Greetings Brothers!

We live in dynamic and uncertain times, and as much as the times seemingly necessitate a new normal, I welcome and have been comforted by the familiar normalcy of the Fraternity. Returning from summer break to my local chapter’s September meeting, attending the Third District Fall Council Meeting, and preparing with my brothers to “put the shoulder to the wheel” for Omega has been reassuring and has buoyed the spirit. Let us remain ever mindful that we are members of the greatest organization of African American men in the world and let us never take Omega for granted.

Speaking of not taking the important for granted, I couldn’t help but think about the planning underway, by I presume most chapters, for our first mandated program of the new fraternal year – Achievement Week. For some (and perhaps for me at one point) Achievement Week has been a programmatic fixture in Omega, one we can count on every November. With the exception of the brothers who so ably plan and execute the various Achievement Week programs, dare I say we take it for granted. We shouldn’t.

As most of us know, this annual celebration, observance, and instrument of change, had its genesis in the concurrence of ideas of Carter G. Woodson and other Omega men like John H. Purnell in the early 1920s. After a few fits and starts mixed with a little steel sharpening steel, what we now know as Omega’s National Achievement Week program found its legs in 1927 under the direction of Brother Linwood G. Koger. In the 20 years or so that followed, the aim of the program was to inspire race pride, celebrate “Negro” achievement despite the “Negro” circumstance, and to communicate to youth that he/she too could achieve like others before them have.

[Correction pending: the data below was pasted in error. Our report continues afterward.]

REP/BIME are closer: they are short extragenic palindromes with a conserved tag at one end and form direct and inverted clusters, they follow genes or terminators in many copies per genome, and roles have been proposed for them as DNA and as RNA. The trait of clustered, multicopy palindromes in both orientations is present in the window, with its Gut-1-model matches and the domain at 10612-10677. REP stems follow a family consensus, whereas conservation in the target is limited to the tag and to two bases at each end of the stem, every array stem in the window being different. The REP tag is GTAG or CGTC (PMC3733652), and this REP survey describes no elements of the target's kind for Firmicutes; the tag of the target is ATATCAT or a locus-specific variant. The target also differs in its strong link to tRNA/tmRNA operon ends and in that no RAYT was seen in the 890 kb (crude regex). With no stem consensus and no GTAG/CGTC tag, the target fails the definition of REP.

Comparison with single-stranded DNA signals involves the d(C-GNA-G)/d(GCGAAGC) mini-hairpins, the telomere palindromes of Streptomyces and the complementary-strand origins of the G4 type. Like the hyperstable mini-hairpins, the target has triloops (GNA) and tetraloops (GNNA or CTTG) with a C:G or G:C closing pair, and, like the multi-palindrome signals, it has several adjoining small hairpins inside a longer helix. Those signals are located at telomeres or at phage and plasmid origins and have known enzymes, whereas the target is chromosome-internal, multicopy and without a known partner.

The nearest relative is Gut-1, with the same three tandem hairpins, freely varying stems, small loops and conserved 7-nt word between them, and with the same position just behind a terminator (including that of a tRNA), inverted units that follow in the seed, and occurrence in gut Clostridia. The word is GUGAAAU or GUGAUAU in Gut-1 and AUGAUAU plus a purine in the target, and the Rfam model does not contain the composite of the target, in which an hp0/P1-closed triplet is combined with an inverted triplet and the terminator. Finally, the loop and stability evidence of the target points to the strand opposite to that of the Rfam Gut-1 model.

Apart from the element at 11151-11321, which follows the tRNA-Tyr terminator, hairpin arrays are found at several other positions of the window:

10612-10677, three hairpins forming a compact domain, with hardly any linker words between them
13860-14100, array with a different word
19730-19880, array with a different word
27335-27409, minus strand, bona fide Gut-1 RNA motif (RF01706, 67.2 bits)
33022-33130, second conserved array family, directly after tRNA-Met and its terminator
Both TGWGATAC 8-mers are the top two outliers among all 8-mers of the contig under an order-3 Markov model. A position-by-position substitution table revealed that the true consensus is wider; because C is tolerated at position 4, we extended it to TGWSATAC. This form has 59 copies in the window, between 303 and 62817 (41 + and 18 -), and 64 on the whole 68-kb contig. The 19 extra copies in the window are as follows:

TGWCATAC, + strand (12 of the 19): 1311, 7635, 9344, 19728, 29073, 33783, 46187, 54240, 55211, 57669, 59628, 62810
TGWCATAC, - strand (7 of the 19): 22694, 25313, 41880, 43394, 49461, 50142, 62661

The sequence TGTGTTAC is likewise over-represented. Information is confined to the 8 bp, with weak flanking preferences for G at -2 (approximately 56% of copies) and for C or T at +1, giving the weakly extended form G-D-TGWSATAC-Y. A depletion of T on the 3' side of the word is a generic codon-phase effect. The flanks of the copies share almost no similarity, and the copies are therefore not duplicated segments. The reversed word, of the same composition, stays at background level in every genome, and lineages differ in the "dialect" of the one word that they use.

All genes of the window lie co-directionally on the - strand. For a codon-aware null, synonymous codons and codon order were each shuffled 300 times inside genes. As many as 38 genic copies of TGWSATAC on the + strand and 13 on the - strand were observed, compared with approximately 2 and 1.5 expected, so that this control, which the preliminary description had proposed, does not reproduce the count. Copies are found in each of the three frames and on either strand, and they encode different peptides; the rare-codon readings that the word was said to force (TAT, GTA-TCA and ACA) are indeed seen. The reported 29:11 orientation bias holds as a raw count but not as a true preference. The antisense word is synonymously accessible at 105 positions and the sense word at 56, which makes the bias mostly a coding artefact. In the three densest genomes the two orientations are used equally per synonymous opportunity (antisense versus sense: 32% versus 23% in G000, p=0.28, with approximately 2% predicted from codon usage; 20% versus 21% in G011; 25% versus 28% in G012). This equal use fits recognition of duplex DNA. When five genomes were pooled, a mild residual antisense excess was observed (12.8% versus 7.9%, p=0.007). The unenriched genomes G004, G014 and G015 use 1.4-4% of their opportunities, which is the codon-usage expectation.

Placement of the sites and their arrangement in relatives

As the Fraternity decidedly oriented its focus on social action in the mid-1940s, so too did the intent and objective of its programs, a change not lost on Achievement Week. In 1948, the Director of the National Achievement Week program was A.G. Macklin, loyal son of the Third District, ushered in the new programmatic paradigm. For example, in 1930 the Achievement Week Essay Contest them was any one of the following: “The Negro in Literature and Art; Commercial Enterprises; The Negro in The Professions; Politicians and Statesmen especially as related to the period of reconstruction; or Selected Biographies of Famous Men and Women of Color.” The theme in 1948, as set by Brother Macklin, was “Make America Safe by Insuring Justice for All” (how so does history repeat itself).

The change from recognition and awareness to mobilization and action presented the Achievement Week with another existential challenge. Because the program was calibrated to change the status quo, it was met with predictable resistance. Equally predictable was Omega’s resolve. Please make time to read the attached historical markers and as we prepare to support, attend, and celebrate Achievement Week in November, let us never take for granted the history of this mandated program, the brothers who were good stewards of its welfare, and the program’s agency over the years.

Read More – ReadFirst_Dreer

Read More – ReadSecond_Sep1948Oracle

Read More – ReadThird_DCFight

Make it a great week Brothers. Be noble and ACHIEVE!

3rd District History and Archives Committee
The Monday Pearl is provided by the Third District History and Archives Committee and is a weekly sharing of fraternity content, commentary, and research of historical value we hope Brothers will enjoy and from which Brothers will draw inspiration. Previous “Pearls” can be found at The Committee encourages your feedback. Should you have reactions, comments, information, anecdotes, documents, and the like, related to any of the content we share, we’d very much like to hear from you. Please send all communication to